How to appreciate art without knowing anything about it
Art wasn’t really my thing growing up. I preferred moving pictures, like the kind found on my TV screen. Art was something for other people to enjoy: other people with monocles and an appreciation for fine wine.
But as I got older, I started to appreciate the skill and time that went into creating art. Twice, I have been able to visit the National Portrait Gallery, which contains many huge, fantastic, pieces of art. I knew very little about any of it; all I knew was that I enjoyed examining the minute details of the art, whether it be a sculpture or a painting, or whatever else.
But art isn’t just restricted to a stuffy old building in the middle of London. Nor is it restricted to established pieces of art – like sculptures and paintings.
Graphic novels, video games and other digital mediums are all examples of a new wave of art forms, aimed at mass appeal whilst still exhibiting great beauty.
One of my favourite graphic novels is Batman: The Long Halloween. It depicts a Gotham City draped in traditional Gothic architecture, with new and exciting depictions of classic Batman villains: The Joker is a stalk-like figure with a grin larger than his head; The Calendar Man is isolated in a cell overflowing with calendar pages. Batman himself is drawn as appearing to have been formed from a cloud of smoke, like the Grim Reaper.
This is an example of great artistic work, combined with a thrilling, and adult-orientated, storyline. It smashes prejudices that comic books can’t be artistic, or serious works of fiction. The best bit being, it doesn’t require any real knowledge of art before you turn the page.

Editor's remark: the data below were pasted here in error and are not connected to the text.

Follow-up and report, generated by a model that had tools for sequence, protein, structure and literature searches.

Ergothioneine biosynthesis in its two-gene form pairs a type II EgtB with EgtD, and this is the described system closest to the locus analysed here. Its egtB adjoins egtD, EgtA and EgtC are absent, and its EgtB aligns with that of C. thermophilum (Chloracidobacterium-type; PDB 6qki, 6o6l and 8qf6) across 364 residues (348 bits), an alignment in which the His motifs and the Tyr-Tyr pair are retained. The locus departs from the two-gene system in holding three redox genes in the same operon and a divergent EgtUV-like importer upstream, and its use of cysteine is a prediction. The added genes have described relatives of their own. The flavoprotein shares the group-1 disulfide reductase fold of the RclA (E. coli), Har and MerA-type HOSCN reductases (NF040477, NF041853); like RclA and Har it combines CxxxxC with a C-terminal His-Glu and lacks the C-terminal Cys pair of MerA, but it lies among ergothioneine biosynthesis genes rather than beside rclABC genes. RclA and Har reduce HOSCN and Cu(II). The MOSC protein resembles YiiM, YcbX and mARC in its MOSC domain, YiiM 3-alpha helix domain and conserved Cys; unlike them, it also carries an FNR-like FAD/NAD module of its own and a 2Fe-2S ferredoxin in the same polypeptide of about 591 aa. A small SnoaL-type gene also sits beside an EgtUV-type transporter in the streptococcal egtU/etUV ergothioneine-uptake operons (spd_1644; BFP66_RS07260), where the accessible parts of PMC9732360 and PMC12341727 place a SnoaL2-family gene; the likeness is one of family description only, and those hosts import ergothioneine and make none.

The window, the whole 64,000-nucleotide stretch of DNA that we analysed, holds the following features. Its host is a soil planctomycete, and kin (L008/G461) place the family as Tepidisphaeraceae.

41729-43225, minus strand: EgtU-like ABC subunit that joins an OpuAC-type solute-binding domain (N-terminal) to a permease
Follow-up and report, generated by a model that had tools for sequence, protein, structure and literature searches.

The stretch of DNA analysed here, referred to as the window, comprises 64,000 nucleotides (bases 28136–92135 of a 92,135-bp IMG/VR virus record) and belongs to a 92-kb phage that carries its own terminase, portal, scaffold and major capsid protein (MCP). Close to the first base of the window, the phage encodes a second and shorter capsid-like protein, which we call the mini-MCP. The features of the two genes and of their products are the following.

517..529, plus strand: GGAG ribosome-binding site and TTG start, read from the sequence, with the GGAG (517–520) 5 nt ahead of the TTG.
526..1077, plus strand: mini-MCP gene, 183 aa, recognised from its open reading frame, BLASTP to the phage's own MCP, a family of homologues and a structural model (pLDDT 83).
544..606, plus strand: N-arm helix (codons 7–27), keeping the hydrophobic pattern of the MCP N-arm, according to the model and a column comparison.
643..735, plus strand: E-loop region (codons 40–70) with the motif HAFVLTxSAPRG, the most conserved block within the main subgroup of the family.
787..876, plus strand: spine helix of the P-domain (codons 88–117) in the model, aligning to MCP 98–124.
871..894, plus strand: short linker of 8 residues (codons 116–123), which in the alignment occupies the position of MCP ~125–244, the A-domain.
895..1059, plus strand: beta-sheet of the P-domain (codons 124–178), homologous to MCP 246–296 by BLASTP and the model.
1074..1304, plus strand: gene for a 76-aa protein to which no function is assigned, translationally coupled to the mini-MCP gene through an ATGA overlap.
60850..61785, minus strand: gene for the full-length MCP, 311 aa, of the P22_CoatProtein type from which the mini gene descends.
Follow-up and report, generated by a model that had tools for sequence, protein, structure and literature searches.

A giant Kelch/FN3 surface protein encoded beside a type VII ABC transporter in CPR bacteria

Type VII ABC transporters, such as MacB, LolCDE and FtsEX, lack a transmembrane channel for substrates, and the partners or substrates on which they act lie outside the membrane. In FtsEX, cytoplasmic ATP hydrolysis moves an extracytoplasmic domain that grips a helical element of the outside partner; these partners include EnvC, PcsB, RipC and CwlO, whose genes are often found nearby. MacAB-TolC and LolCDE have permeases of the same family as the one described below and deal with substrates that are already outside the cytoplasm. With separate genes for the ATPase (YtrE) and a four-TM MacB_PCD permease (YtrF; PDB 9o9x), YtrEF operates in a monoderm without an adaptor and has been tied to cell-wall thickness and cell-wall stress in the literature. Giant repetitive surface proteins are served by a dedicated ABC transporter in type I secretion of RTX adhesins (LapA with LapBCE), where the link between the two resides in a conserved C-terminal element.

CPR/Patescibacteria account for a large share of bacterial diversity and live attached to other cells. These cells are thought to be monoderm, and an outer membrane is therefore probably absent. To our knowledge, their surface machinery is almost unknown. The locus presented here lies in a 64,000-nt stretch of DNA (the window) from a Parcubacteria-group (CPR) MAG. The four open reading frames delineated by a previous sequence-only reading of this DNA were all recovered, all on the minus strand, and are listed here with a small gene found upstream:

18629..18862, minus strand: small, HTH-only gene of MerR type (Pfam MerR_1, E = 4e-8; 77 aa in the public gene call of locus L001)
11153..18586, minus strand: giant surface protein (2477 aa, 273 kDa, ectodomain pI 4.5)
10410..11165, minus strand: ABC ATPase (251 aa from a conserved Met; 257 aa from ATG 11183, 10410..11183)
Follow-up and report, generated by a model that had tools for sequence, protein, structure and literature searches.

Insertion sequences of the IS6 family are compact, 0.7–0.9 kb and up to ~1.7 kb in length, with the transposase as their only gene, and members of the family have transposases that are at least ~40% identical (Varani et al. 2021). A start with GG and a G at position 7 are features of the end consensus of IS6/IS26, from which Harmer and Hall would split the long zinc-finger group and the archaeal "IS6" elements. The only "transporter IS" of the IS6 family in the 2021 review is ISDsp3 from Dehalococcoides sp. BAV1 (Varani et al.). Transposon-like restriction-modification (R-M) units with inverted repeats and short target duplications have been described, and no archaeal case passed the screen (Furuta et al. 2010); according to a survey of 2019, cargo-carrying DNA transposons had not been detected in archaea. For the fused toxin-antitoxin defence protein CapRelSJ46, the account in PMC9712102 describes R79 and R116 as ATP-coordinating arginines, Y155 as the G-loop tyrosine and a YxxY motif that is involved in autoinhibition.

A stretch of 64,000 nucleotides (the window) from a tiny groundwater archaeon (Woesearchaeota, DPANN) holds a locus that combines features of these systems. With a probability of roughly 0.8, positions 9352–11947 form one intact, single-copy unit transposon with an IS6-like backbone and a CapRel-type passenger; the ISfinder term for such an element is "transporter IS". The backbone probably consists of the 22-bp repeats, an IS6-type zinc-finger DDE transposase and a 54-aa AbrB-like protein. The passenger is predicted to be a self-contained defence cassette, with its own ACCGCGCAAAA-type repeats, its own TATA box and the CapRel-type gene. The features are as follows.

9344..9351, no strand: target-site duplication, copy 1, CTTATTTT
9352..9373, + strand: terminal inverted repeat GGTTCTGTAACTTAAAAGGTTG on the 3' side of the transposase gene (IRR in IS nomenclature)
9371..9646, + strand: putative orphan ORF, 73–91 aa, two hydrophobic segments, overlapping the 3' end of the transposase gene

Video games, as well as comic books, are also breaking new ground and reaching out to new audiences, with developers creating fully-explorable, and massive, areas of space. The time and skill which went into creating open-world environments, like the kind found in Bioshock, Fallout and Batman: Arkham City, far exceeds the time and work which goes into some established pieces of art, found in art galleries and at auctions. In addition to this, these pieces of art are accessed by millions of people, as opposed to the negligible numbers who attend art galleries these days.
The vanguard medium of this artistic revolution has been cinema. Once, cinema was reviled as cheap entertainment for the uneducated masses. Art was still believed to be reserved for those deemed appropriate. However, as time went on, and directors and actors began producing intelligent and mature cultural influences, more and more people were exposed to culturally important media, without necessarily any prior knowledge of the subjects under discussion.
So my argument is, that the way to appreciate art without knowing anything about it is just
to dive into the pool of intelligent, and beautiful, films, video games, and books. If you enjoy established pieces of art, then peruse the art galleries and shops for such pieces. If you don’t, do not think that you are somehow uncultured for enjoying alternative pieces of art.